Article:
Seattle Bike Blog did not do endorsements this year for a number of reasons (mostly that I haven’t had the time it takes to do a full slate of endorsements). Instead, I rounded up endorsements from a handful of transportation-focused organizations in the area and posted them here. There was very little disagreement.
But there was one split endorsement that caught my eye, perhaps because it is my district. So I figured it may be helpful to weigh in on the race for House Legislative District 43, Position 2. The Transit Riders Union and the Urbanist endorsed Sherae Lascelles while Seattle Subway and the Sierra Club endorsed Frank Chopp. Washington Bikes did not endorse in this race.
Seattle Bike Blog says to vote for Lascelles.
This race ultimately comes down to what access to power should look like. Neither candidate says anything notably bad in their transportation policy sections. Chopp, who has been in the legislature since 1995, clearly has a very detailed understanding of how the legislature works. But is it working?
The Democrats have had control of WA State’s government for years, yet the state still has an extremely regressive tax structure, still funds new and expanded freeways while leaving transit funding to local communities, and still has not made meaningful progress on reducing our climate changing emissions. No matter what major local issue you are talking about, conversation nearly always gets to this exchange:
Person 1: Well, in order to do that, we’d need to change state law.
Person 2: Ugh, that’s not going to happen.
Your ballot is either in the mail or has already arrived. If you are in King County, you can check your ballot’s status online here. The tracker now indicates whether it has been mailed or has been delivered, which is very cool. The deadline to register online is October 26, but you can also register anytime up to and including the day of the election if you go in-person (online is encouraged during the pandemic, though). Ballots must be postmarked by November 3 or delivered to a ballot drop box before 8 p.m. November 3.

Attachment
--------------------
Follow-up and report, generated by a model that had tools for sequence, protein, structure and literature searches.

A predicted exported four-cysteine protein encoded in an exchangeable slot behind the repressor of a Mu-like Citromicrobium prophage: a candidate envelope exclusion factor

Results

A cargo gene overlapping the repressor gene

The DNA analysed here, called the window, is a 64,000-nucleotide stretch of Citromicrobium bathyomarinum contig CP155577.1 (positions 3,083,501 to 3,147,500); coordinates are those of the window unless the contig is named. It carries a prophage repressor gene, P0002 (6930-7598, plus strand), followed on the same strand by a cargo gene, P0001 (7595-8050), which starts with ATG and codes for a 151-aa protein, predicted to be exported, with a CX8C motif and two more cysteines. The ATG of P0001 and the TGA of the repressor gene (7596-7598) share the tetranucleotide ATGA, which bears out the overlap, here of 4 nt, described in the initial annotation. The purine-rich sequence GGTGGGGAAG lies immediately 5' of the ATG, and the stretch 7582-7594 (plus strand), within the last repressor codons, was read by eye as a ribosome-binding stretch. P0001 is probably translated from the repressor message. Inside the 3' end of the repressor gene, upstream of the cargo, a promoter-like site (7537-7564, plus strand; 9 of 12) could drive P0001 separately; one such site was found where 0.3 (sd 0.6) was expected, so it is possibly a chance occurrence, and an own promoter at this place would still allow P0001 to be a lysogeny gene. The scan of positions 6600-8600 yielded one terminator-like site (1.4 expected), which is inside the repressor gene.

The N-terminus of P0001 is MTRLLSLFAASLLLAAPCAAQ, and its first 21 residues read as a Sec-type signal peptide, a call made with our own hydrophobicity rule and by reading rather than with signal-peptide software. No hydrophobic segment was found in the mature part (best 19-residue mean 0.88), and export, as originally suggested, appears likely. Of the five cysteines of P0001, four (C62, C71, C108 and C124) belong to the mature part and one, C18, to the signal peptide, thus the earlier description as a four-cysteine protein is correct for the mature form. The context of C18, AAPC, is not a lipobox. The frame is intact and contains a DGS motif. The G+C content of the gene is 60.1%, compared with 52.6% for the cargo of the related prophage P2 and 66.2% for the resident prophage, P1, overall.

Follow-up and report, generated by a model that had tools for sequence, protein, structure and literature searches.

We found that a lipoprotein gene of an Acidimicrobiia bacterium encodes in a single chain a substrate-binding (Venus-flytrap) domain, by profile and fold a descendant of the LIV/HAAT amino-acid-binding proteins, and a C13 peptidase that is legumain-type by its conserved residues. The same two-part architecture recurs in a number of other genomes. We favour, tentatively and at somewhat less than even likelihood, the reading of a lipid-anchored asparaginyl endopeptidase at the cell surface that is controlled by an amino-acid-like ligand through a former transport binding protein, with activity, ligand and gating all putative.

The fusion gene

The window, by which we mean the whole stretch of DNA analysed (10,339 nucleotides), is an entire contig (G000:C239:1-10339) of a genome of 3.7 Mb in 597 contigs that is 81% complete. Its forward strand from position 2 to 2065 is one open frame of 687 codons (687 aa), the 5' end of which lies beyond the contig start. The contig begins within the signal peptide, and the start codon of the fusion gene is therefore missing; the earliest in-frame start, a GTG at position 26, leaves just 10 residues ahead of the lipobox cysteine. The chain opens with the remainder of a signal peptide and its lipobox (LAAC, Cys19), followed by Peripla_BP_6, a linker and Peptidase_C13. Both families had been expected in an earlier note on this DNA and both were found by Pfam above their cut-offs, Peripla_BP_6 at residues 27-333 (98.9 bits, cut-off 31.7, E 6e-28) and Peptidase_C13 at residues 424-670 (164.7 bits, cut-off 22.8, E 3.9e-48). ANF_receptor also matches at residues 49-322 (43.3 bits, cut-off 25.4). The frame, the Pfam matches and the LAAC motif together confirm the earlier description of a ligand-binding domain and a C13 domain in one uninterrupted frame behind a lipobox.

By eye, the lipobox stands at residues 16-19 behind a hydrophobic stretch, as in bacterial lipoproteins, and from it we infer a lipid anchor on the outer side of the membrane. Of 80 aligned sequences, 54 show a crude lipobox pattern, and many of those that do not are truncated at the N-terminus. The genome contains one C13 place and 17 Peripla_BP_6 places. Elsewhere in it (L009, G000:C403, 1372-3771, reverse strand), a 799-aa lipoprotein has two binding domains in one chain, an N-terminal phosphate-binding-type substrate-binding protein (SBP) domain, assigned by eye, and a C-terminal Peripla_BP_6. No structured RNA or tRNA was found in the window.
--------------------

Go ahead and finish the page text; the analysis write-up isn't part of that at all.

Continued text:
Tim Eyman continues to be very bad at writing initiatives, wasting an enormous amount of people’s time and energy arguing over a statewide initiative that wasn’t even constitutional.
The official description for I-976 that appeared on ballots in 2019 said it would lower so-called “car tab” fees “except voter-approved charges.” But the initiative would actually lower the fees even for charges that voters had previously approved. Eight of the nine WA Supreme Court justices said that was “deceptive and misleading” to the point of being unconstitutional, Heidi Groover at the Seattle Times reports.
This is great news for several reasons. The most immediate cause for celebration is that Seattle and so many other communities that rely on these fees to fund transportation will not need to pay back any fees collected since the initiative passed. Seattle has been collecting the fees, but has not spent them in case they needed to be refunded. With transportation budgets in crisis, this is a huge relief.